Ritualising Everyday Life

In Christian communities, rituals combine words, actions and symbols to make meaning of the mystery of life in the light of the gospel. Christians believe that all creation is good and is infused with the presence of God. School communities affirm the sacredness of everyday life by recognising and celebrating God in the created world, in relationships with others and in events and experiences.

No theological principle or foc​us is more characteristic of Catholicism or more central to its identity than the principle of sacramentality. This principle reflects the central Catholic conviction that God mediates Godself to us and we encounter God’s presence and grace coming to meet us through the ordinary of life - through our minds and bodies, through our works and efforts, in the depth of our own being and through our relationships with others, through the events and experiences that come our way, through all forms of human art and creativity, through nature and the whole created order, through everything and anything of life (Groome, 1996, p.112).


As well as the celebration of formal liturgies and prayer, school communities celebrate prayer rituals to mark the everyday patterns of life, rites of passage and moments of grief and loss, joy and celebration. These prayer rituals have a recognisable structure and may use elements and symbols similar to those of the prayer and liturgy of the Catholic tradition. However, they provide opportunities for increased freedom and flexibility in their design and celebration; they can be led by community members; draw on themes and experiences identified by students and the community; and incorporate secular elements. Catholic and ecumenical schools draw on their religious character and liturgies to inform and enhance rituals and celebrations that have a predominantly secular character.​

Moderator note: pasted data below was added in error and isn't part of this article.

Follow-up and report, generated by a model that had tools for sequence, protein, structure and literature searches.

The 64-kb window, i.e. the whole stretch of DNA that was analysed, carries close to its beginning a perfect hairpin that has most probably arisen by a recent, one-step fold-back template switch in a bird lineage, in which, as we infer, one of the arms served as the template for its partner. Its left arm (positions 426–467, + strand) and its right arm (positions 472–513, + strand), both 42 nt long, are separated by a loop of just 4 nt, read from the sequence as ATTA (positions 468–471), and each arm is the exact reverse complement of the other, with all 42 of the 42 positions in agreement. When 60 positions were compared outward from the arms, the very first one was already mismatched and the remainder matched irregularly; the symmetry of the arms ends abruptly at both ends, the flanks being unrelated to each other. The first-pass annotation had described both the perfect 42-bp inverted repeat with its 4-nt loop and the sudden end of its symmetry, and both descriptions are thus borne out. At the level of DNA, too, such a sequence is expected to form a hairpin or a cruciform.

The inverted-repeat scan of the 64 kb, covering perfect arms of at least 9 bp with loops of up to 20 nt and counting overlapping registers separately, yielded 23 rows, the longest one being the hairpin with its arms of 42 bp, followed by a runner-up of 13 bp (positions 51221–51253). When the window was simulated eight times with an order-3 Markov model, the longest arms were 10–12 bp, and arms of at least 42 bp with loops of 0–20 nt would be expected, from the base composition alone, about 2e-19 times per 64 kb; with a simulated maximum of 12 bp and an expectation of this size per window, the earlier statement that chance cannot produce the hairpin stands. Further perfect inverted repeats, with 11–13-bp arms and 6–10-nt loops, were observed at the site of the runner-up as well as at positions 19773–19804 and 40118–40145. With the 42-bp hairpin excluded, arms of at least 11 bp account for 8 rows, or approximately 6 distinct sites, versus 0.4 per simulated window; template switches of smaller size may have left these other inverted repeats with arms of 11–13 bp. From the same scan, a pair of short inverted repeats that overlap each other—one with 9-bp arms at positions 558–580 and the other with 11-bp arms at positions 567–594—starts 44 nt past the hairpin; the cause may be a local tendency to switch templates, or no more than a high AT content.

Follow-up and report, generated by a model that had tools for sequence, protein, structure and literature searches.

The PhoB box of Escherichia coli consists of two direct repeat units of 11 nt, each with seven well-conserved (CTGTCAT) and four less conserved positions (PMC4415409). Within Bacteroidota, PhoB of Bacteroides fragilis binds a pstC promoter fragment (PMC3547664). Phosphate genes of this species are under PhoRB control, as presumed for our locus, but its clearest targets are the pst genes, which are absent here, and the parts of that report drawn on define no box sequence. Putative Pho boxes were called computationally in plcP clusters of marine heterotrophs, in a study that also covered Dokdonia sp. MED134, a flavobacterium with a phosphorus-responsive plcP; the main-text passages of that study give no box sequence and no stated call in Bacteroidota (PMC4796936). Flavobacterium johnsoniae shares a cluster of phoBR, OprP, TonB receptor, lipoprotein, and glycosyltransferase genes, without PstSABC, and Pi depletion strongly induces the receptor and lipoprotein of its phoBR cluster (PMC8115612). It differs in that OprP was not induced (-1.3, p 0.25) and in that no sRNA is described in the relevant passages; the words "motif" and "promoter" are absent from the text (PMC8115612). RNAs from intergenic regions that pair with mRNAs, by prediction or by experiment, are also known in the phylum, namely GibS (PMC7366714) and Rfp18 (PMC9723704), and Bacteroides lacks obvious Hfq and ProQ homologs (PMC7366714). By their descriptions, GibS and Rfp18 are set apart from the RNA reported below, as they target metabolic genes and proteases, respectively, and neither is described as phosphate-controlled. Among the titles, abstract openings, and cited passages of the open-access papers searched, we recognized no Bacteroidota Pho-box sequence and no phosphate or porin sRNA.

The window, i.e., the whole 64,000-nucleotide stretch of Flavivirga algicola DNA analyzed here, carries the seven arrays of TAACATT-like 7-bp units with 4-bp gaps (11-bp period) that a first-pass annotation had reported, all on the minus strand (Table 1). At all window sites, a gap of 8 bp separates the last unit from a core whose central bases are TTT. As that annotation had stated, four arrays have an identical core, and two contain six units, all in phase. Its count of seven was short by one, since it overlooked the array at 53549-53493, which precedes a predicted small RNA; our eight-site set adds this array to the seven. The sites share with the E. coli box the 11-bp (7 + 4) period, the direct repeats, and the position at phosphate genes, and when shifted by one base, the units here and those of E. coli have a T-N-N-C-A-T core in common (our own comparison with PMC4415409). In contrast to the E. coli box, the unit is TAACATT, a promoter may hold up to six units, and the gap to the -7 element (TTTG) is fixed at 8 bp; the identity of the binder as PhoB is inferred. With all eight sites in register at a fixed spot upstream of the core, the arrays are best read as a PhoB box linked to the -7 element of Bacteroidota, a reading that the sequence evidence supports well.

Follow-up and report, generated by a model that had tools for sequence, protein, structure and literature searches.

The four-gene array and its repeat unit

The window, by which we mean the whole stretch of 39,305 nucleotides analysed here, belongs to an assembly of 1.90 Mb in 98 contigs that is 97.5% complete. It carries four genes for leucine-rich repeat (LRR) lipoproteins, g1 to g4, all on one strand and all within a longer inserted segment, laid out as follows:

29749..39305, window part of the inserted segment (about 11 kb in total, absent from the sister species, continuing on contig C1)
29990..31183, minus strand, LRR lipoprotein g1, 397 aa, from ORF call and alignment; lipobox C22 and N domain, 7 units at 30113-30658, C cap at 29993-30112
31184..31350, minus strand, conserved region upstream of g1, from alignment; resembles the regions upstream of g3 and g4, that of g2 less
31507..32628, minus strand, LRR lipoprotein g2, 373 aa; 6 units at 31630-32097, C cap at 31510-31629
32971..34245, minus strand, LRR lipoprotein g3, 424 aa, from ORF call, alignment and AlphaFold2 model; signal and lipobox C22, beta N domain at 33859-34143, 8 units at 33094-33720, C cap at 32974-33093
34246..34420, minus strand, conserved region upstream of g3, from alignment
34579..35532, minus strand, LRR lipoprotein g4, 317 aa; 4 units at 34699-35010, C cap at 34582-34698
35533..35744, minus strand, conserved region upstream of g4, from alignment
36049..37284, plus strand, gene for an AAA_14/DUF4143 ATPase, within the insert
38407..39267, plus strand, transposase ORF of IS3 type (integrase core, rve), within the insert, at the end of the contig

​Ritualising Everyday Life Document Library​